An augmented triad
consists of two major-third intervals.
There are a few different ways to think
about these, including the standard formula
of 1–3–#5. This is an interesting
sound because it doesn’t occur naturally
in a diatonic scale. Since the intervals
within the chord are equal, any note of
the chord can be considered the root.
Saxophonist John Coltrane used augmented
triads to create his major thirds
cycle, which occur in such compositions
as “Countdown” and “Giant Steps.”
Diminished Triads. The diminished
triad is made up of two minor-third
intervals stacked over a root. Think
of it as a standard minor triad with a
lowered fifth (1–b3–b5). It occurs naturally
in a major scale when you create
a triad based on the 7th degree. As
with the augmented triad, any note in
the chord can be considered the root.
There are elements within an instrument’s
architecture that initiate a
continuous source of valuable information.
For the guitar, there are two. The first is
the major third interval, and the second
is the minor third interval. Once we view
their repetitive information, they begin
to appear as a series of automatic functions.
The guitar, like an automobile, is a
vehicle that should remain neutral to the
destination it’s used to reach. There are
many forms that open different directions
in music, but when we come down to it, a
study of the instrument itself is much more
effective when it’s no longer influenced by
any of these styles.
Unlike the piano, the guitar divides
naturally within a specific series of numbers.
The piano divides by seven, plus
five, adding up to 12 (seven white keys
and five black keys), while the guitar
divides by three or four (three of the same
augmented chords or four of the same
diminished chords) horizontally multiplying
each other into a total of 12 (either
3 x 4 or 4 x 3). This results from the fact
that in augmented and diminished chords,
any note can function as the root.
The common inversions for both the augmented
and diminished shape can be seen in
. When any of these forms are viewed
horizontally, they automatically unfold repetitively
with the same fingerings. This happens
either four frets apart (augmented) or
three frets apart (diminished). Also, they can
be organized as seven “common” groups of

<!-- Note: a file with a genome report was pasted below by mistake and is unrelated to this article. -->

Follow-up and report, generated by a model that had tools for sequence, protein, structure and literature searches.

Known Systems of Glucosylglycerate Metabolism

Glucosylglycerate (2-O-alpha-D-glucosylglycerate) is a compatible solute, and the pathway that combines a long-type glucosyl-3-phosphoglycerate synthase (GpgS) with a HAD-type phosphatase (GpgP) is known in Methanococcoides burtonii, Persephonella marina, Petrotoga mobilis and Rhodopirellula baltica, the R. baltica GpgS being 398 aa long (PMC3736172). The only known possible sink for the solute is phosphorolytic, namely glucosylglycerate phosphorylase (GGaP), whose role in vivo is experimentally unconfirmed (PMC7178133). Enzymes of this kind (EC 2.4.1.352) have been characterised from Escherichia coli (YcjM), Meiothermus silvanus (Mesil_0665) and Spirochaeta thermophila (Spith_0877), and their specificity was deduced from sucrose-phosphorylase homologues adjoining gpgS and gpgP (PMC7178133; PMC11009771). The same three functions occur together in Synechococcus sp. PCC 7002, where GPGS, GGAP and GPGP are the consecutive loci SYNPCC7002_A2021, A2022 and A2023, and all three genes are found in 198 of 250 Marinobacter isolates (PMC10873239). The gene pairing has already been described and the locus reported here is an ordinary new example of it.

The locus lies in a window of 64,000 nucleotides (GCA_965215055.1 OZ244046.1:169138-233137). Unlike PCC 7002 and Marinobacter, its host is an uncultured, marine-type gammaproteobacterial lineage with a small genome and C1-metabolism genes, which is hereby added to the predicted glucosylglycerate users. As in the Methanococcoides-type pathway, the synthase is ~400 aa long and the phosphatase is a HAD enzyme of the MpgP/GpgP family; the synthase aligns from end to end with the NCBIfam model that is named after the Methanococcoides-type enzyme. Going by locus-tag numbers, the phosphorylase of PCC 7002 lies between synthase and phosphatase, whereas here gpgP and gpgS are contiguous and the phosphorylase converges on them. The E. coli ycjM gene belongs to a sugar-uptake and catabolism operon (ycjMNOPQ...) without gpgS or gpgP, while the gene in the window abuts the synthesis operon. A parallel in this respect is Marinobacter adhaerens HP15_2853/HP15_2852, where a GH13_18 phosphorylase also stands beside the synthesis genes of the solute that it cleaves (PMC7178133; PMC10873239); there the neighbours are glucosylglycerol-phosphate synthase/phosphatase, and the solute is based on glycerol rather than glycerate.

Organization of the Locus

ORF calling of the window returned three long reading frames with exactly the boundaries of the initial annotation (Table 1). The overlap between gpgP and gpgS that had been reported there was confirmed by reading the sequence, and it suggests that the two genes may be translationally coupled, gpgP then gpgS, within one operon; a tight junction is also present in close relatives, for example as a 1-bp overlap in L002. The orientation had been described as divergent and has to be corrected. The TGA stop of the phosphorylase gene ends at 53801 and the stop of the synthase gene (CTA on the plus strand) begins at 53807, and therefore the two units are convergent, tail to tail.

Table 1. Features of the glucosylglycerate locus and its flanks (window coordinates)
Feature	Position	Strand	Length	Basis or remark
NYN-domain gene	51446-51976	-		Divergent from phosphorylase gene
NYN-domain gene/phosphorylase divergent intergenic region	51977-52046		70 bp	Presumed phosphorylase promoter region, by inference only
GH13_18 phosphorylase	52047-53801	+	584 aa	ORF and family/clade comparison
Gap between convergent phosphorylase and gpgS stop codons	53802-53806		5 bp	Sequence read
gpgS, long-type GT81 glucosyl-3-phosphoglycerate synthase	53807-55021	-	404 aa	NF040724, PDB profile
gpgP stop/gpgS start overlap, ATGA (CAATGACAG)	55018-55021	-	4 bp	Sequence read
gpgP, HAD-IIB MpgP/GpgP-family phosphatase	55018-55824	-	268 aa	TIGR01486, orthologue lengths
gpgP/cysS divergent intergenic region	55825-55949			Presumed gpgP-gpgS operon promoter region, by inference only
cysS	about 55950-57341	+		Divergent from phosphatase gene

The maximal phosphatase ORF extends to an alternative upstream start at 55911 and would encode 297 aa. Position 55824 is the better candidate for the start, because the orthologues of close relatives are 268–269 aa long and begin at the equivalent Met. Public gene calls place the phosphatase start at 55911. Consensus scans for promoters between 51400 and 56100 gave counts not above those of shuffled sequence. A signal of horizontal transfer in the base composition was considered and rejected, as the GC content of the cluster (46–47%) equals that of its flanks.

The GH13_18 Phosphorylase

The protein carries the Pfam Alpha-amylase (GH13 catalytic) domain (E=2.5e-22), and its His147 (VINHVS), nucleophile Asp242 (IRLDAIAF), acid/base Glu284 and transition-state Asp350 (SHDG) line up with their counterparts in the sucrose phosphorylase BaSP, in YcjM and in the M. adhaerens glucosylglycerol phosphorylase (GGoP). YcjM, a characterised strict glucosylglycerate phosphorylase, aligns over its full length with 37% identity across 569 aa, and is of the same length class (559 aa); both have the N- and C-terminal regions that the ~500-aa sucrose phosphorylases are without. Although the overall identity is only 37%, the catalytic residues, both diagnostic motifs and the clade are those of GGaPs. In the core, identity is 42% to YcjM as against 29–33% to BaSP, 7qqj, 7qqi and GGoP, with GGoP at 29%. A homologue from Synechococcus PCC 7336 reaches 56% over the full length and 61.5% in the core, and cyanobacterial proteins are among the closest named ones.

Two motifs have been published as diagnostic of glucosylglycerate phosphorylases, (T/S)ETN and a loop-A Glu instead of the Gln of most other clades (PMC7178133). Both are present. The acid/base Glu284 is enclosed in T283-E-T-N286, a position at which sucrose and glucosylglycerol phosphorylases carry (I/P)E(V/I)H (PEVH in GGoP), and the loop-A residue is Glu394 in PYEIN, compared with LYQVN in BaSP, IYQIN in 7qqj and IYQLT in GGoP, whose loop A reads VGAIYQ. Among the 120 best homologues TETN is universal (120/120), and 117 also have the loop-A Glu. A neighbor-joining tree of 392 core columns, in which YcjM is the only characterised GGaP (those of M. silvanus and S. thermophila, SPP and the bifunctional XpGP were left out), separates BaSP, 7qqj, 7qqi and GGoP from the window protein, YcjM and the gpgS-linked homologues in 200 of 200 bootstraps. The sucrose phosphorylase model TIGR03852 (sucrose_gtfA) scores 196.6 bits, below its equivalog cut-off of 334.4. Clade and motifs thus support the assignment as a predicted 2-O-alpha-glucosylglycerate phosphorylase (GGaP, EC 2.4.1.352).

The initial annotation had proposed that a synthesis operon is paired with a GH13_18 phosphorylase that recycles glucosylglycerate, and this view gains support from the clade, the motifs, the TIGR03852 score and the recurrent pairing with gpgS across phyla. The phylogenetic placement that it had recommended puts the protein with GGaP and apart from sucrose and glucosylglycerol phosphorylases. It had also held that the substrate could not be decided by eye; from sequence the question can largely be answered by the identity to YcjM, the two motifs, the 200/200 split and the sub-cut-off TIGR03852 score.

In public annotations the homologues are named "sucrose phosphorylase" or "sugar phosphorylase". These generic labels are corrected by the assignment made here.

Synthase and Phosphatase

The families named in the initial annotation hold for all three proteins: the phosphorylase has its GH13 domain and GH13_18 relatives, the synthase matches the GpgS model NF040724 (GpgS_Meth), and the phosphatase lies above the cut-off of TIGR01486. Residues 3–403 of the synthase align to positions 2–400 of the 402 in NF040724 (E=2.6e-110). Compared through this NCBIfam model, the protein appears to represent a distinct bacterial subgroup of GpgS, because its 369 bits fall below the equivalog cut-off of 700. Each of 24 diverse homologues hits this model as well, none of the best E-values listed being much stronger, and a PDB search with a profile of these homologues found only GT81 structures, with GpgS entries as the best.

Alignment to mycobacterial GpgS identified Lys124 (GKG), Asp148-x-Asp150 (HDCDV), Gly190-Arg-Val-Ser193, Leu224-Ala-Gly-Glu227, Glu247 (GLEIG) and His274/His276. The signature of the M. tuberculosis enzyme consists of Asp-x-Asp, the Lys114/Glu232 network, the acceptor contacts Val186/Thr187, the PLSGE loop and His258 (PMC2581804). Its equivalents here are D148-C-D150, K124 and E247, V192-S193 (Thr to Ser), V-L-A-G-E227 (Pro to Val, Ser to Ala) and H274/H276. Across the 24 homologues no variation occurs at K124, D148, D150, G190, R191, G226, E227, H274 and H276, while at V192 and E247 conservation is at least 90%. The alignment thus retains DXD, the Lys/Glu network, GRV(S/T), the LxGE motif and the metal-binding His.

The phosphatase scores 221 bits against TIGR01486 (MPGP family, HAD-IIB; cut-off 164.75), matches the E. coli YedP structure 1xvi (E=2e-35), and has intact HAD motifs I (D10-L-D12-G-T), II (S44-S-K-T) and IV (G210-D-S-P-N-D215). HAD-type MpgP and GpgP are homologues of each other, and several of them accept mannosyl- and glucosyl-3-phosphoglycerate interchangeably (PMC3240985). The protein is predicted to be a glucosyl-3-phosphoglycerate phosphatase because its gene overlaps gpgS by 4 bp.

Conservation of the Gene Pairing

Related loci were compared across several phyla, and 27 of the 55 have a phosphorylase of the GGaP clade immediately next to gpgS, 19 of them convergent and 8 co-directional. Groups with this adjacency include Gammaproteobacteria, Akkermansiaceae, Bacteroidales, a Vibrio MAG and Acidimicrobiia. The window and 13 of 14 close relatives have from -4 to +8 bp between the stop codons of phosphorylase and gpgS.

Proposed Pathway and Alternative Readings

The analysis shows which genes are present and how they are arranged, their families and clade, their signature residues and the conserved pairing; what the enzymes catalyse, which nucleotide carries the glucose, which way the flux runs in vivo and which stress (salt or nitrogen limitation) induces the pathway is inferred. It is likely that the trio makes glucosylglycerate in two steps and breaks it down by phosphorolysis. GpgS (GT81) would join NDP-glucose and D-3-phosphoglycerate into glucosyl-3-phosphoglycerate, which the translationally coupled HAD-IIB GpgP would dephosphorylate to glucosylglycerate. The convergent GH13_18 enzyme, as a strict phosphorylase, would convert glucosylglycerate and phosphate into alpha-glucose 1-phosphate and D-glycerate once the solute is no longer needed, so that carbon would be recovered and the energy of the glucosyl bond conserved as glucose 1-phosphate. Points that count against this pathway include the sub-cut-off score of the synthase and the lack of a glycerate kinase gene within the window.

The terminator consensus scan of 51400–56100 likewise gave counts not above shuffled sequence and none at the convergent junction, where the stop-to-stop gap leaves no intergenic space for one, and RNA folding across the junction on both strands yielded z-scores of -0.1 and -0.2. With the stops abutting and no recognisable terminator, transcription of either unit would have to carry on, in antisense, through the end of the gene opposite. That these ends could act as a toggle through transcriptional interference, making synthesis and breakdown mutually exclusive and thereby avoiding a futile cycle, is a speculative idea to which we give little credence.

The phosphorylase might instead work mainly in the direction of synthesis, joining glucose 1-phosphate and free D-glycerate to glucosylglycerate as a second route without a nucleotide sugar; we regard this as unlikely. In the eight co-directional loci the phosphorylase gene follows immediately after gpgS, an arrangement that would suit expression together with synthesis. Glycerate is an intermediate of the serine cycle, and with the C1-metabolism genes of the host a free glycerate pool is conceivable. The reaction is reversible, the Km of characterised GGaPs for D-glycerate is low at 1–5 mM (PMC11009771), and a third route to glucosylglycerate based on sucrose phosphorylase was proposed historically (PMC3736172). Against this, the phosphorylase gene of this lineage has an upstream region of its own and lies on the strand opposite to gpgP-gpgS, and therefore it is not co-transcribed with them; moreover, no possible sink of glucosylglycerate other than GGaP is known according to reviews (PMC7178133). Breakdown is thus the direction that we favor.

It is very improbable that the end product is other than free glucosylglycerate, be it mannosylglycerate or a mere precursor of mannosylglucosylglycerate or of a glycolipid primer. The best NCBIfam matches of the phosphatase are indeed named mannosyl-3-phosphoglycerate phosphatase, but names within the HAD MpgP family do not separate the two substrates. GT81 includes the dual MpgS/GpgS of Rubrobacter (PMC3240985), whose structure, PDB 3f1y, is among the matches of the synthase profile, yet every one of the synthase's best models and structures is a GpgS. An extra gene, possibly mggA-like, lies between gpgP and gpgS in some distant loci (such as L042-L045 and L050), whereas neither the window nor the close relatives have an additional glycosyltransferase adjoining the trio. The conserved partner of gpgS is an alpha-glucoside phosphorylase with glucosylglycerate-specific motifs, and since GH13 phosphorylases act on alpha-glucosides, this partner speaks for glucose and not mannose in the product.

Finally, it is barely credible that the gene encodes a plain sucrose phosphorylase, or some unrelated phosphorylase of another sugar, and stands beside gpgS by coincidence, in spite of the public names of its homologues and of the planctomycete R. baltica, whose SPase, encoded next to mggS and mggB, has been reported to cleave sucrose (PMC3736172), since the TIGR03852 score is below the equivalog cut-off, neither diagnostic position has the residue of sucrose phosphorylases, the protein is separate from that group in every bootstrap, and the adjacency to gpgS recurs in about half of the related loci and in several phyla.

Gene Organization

augmented triads, as well as five “common”
groups of four-tone diminished clusters.
Once these common groups of “parental”
forms are memorized, the instrument harmonically
begins to multiply itself into an
automatic vocabulary. Unlike most methods
that are based on scales, the extension of
these forms unfolds from a system based
upon a study of opposites. Its first application
moves us through ascending or descending
alterations of any of the single tones
within the chosen form. In other words,
once the form is decided, this type of alteration
produces its next stage of expansion.
For example, the alteration of the
central triad, (C, E, or G# augmented)
in Fig. 2 produces some interesting
results. By lowering the G# to G, the
triad becomes C major. By raising the
same tone (G# to A), it becomes the relative
minor triad—A minor—in the key
of C. The same phenomenon takes place
when applied to either of the other two
chord tones, producing a total of three
major (C, E, and G#) and three minor
alterations (Am, C#m, and Fm) of a single
augmented triad. Of course, four of them
in a horizontal row (4 x 3) result in all 12
keys before the next series of its automatic
inversions. As it was presented above
through horizontal alterations, it now shall
follow as automatic fingerings in vertical
forms, viewed in Fig. 3.
In the upcoming studies, the harmonic
forms we’ve covered so far will not only
continue to expand, but shall also serve as the architectural groundwork for melodic
linear studies. Next month, we will look at
how the diminished form creates automatic
voicings for dominant chords.
With a discography that stretches out over 40 years, Pat Martino has developed a unique voice that
has influenced generations of musicians. Here are four albums that cover four distinct periods in Martino’s career.
a leader—at only
the late ’60s. Propelled by drummer
Mitch Fine, organist Trudy Pitts
keeps the young guitarist on his
toes, and together they embody the
classic jazz-organ trio.
• “Just Friends”
• “A Blues for Mickey-O”
this album of originals that opened
many young guitarists’ ears to
music and rhythms outside of mainstream
jazz. Combining a classic
jazz rhythm section with tabla and
tamboura was very psychedelic and
adventurous for 1968.
• “Distant Land”
the stage in
1987 for a
live gig in New York City. Comprising
of only four tracks, the album shows
Martino in strong form, and the
tunes give him plenty of room to
stretch out over the swinging foundation
provided by bassist Steve
LaSpina and drummer Joey Baron.
• “Do You Have a Name”
“Tenor,” and “Blue.” He matched
each word up with a note in the
Aeolian mode and then improvised
the phrasing and chord changes. The
result is a great combination of intellectual
and extemporaneous expression.
• “Think Tank”
• “Dozen Down”
Since his first recording as a leader in 1967, Pat
Martino has constantly pushed the limits of jazz
guitar with his flowing technique and powerful,
muscular tone. Showing no signs of slowing
down, Martino still travels the world performing
and giving lectures about his approach to
the guitar. Currently, Martino is working on an
autobiography and serving as adjunct faculty
at the University of the Arts in Philadelphia.
For more info, visit patmartino.com